Although pharmacy staff should receive the training necessary to identify prescription abuse, Kristen Binaso, media advisor and director of corporate alliances at the American Pharmacists Association in Washington, DC, underlines that the buck stops with the pharmacist. “Ultimately, when that prescription is given to the patient, it is the pharmacist’s responsibility to counsel that patient,” she said. “The pharmacist needs to be out there so that they can say to the patient, ‘I am going to go over some important things about this medicine.’” Despite the increasing demand on the pharmacist’s schedule, it is too important not to make the time for this, she maintains. “When it comes to someone’s risk and benefits, we shouldn’t be too busy.”
When suspicion is aroused surrounding a specific prescription, the first step is to contact the prescribing doctor. Oftentimes, it is discovered that the physician is not aware that the patient has been receiving prescriptions for controlled substances from practitioners—and even if that is not the case, the pharmacist should put in a call anyway. “I still want to call and find out what is going on,” Schlesselman said. “The pharmacist should be in the loop about what is going on with the patient’s care, and the doctor may be able to say, ‘this person has a lot of pain from this injury or this type of chronic disease.’” The physician may not know what is going on either, however. “They may not realize that the patient is going to one doctor for a controlled substance for cough, and they are going to them for pain.”
What happens next varies, depending on the circumstances. Some pharmacists will simply refuse to fill the prescription, write “void” across it, and hand it back to the patient with an explanation as to why the order was refused, whereas others will contact the police. Regardless, it is necessary to work with other health care providers in the community. “You need to keep those lines of communication open and not be afraid to bring it up,” Binaso said. “Not everyone is going to be open to it, but if they choose to act on that information—and you would hope that they would—that is their choice. The fact is that my role, as a health care provider, was to take it up with them.”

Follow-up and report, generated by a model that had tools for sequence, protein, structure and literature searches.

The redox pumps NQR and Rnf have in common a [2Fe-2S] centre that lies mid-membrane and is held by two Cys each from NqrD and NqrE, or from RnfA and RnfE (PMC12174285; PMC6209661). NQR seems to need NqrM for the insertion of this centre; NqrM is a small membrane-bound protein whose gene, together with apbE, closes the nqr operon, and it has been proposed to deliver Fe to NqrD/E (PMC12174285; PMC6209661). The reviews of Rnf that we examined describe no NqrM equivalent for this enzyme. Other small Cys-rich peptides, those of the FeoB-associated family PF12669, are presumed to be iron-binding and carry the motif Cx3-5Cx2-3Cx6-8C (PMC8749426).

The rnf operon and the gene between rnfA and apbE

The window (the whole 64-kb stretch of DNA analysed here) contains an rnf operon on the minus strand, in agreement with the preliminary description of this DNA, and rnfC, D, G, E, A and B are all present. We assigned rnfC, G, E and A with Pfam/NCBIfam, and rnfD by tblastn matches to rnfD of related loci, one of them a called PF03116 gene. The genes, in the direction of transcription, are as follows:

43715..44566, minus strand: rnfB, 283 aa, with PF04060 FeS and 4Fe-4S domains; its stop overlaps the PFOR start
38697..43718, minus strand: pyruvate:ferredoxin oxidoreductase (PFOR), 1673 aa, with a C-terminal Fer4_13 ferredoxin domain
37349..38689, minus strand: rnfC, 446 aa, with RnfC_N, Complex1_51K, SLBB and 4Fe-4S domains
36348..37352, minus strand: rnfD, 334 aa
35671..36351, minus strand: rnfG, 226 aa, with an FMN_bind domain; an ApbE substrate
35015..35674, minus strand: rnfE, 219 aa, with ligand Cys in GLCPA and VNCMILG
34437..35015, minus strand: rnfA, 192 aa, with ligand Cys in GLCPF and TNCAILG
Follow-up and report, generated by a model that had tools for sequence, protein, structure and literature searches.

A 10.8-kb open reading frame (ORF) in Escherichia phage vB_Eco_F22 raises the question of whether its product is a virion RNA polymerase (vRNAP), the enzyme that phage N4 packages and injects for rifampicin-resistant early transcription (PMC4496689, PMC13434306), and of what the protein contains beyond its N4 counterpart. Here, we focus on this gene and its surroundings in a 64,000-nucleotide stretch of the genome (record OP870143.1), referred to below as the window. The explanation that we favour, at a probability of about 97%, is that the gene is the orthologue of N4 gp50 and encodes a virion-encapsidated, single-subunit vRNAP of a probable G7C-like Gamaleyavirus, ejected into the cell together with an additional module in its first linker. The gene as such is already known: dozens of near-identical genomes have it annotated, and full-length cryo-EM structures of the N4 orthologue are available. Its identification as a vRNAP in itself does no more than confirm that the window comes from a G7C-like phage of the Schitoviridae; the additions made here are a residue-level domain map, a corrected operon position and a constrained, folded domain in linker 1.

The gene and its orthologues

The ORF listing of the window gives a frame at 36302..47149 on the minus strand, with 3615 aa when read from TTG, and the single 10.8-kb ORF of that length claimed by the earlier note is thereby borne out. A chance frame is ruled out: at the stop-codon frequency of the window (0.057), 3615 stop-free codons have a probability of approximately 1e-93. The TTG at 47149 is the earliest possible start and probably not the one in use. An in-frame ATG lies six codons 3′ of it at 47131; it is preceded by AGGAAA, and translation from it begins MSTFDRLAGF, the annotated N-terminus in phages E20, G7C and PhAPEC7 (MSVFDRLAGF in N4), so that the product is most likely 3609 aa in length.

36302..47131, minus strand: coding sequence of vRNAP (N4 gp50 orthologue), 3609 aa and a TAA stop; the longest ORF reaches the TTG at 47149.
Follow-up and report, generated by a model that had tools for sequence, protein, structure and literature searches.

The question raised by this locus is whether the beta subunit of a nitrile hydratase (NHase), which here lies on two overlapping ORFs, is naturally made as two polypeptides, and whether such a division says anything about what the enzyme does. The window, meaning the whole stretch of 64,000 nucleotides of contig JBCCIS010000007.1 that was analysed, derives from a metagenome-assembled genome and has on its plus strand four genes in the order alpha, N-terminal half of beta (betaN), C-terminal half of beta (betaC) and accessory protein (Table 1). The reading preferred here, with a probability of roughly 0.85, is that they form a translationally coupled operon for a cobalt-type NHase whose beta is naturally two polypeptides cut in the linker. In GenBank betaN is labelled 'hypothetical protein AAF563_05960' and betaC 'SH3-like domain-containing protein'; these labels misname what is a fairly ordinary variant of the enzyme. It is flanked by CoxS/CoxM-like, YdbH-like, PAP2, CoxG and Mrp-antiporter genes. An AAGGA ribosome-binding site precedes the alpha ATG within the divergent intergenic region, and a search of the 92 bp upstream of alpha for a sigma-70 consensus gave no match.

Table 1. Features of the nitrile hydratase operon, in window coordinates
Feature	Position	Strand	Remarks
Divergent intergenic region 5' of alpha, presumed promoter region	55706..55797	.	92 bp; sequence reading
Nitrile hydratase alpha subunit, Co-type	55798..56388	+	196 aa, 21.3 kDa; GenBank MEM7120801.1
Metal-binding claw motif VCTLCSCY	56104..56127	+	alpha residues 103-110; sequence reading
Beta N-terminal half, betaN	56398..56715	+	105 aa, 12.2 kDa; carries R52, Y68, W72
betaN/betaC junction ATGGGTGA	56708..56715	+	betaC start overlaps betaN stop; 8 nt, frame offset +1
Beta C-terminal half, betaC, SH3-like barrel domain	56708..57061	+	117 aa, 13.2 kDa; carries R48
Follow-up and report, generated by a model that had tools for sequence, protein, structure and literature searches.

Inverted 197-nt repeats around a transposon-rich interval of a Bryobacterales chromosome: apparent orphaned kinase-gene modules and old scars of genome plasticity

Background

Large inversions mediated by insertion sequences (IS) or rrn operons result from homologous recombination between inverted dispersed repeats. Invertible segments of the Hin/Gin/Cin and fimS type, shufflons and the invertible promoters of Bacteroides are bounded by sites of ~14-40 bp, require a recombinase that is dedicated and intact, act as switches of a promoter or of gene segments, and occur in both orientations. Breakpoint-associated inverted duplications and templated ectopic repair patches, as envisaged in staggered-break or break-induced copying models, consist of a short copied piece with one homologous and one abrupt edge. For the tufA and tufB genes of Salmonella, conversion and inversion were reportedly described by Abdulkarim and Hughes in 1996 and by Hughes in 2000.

In April 2008, the National Community Pharmacists Association (NCPA) launched the “Protect Your Pharmacy Now!” initiative to help its members deal with the issue of pharmacy crime, including prescription abuse. John Norton, public relations manager at the NCPA, notes that this spring, the association added a prescription disposal program as well. “[It] helps members set up programs that will keep their patients from keeping expired and unused drugs in their cabinets that can be abused, and avoid simply flushing them down the toilet where they can contaminate our drinking water,” he explained.
As the FDA investigates pain medications, Binaso believes that the discussion on risk management programs will move to the forefront. These initiatives may involve a patient registry or contracts between medical practitioners and their patients that spell out how medications should be used and that require, under signature, patient compliance.
“Part of the discussion is covering what kind of pilot programs should be run, because they do not think that the patient understands the risk and benefits, and there is a lot of concern about abuse,” she said. “It is a matter of seeing what is really out there—and I think that is what the FDA is trying to do right now—and then coming up with some pilot programs that can be tested to see if they work.”